I remember, in China where I worked a long time, poor people encountered extreme difficulty getting any visas to the USA. People who were well off got visas easily. The reasoning is that rich people are much less likely to become economic refugees. Not that you have to be rich.

9
General Discussion / Southern Tier---Non ACA
« on: December 31, 2017, 09:41:38 pm »
I will take another shot at cycling the southern tier. I have done it five times. The beginning of the new year is good for a start. For the most part I follow a route different from ACA's, mainly because mine is shorter, less hilly, and almost as interesting. East coastal Florida to San Diego is the way to go. Instead of taking hwy 90 across north Florida I take 98 to 267 to 20. I take 90 through AL, MS and LA to Tammany Trace to Covington, LA. Then I get 190 and find my way to Houston, and get I-10 frontage roads and 90 to San Antonio. From here I can Take I-10 and roads to El Paso and Las Cruces and I-10 to Yuma, AZ.After that is the road from hell to Ogilby Road,and then west to hwy 78 and Glamis and Ocotillo and then hysterical hwy 80 to Pine Valley and roads into San Diego.

On my last trip my cyclometer turned over to 2803 miles as I pulled up to the Point Loma hostel in S.D. I think it's going to be a cold trip.

I can take different roads from the roads mentioned here. Being a 68-year-old man traveling alone, I usually take the path of least resitance.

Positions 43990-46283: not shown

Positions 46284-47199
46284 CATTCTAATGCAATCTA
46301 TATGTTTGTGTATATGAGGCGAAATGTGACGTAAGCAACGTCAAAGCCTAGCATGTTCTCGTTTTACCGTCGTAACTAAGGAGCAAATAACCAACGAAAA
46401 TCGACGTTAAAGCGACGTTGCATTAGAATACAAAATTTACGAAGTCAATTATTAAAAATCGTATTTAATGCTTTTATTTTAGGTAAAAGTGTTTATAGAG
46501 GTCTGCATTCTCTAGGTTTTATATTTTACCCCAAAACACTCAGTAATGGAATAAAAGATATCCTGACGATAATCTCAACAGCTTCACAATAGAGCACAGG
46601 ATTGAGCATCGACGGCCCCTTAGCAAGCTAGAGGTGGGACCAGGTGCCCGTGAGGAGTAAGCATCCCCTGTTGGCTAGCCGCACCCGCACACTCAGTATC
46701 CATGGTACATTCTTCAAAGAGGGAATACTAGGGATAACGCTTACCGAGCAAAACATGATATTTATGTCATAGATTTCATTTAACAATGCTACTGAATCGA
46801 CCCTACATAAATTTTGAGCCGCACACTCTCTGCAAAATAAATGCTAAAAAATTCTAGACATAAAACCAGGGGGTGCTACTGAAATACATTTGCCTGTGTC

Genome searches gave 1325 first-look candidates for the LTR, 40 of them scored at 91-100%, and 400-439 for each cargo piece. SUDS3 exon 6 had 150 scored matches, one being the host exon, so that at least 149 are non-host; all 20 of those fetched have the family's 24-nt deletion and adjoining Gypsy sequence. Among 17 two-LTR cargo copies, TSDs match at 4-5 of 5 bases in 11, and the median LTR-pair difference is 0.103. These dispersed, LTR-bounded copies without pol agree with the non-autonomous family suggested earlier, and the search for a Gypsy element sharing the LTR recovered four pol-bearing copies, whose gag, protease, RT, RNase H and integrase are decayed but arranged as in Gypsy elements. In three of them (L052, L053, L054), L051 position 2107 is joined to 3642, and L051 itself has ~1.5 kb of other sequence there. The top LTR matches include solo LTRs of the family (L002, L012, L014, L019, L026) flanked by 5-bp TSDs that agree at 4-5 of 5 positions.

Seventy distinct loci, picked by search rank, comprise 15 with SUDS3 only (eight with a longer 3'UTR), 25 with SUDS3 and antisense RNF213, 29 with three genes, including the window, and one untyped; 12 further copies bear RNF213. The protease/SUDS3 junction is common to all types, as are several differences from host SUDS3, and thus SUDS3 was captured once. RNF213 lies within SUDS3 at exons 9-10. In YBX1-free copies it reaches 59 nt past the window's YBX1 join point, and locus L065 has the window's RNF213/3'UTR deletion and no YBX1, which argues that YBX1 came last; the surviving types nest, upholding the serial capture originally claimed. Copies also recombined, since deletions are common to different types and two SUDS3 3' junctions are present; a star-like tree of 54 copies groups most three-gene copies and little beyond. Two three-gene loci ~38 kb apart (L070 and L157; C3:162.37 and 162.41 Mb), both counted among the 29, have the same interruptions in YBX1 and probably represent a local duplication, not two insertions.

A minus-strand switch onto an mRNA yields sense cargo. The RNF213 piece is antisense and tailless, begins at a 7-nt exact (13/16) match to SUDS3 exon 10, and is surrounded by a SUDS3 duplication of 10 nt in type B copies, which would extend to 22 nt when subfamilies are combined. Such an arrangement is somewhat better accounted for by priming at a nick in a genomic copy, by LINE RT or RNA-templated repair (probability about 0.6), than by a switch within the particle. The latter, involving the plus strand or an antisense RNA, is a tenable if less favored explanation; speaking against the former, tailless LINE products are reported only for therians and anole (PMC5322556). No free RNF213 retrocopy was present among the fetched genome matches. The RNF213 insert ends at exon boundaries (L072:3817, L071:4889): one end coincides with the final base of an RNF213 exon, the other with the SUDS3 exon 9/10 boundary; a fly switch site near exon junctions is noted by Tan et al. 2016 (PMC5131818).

10
DMSO--------It works very well.

11
According to this epidemiologist, and he reiterates this many times throughout the the entire book, approximately fifty per cent of communicable diseases can  be completely avoided by frequent hand washing.

12
There is a book "The Secret Life of Germs" by a famous epidemiologist. He gives many good tips on how and where pathogens gather and multiply. The book is loaded with advice on what to do and what not to do to avoid contracting diseases. For one bit of advice, wash hands thoroughly after using the restroom. When you leave the restroom, grasp the door handle with a paper towel. Do not touch it with your bare hands. Many people do not wash their hands after using the toilet. And what is the last thing they touch when leaving the restroom?


13
General Discussion / Re: Absolute necessities?
« on: October 31, 2017, 04:32:04 pm »
Maps or a phone GPS is fine. You might want to GPS your way through cities and write the route down before departing. That way you can read your way through cities. Either maps or GPS work. Food, clothing and shelter are necessities. You must have some method for finding the way.

14
General Discussion / Re: UK Trip Planning...John O'Groats to Lands End
« on: September 03, 2017, 03:54:59 pm »
There are excellent books of maps of the UK. They are highly detailed, inexpensive and light. I suggest you use quiet country lanes of which the UK has many. I cycled the UK for a long time. The country lanes are the way to go.

15
General Discussion / Re: Bike Storage During Trip
« on: May 29, 2017, 03:25:07 pm »
Storage areas often have space available. Tell them what you are doing. They may cut you a good deal or even let you leave it there at no charge.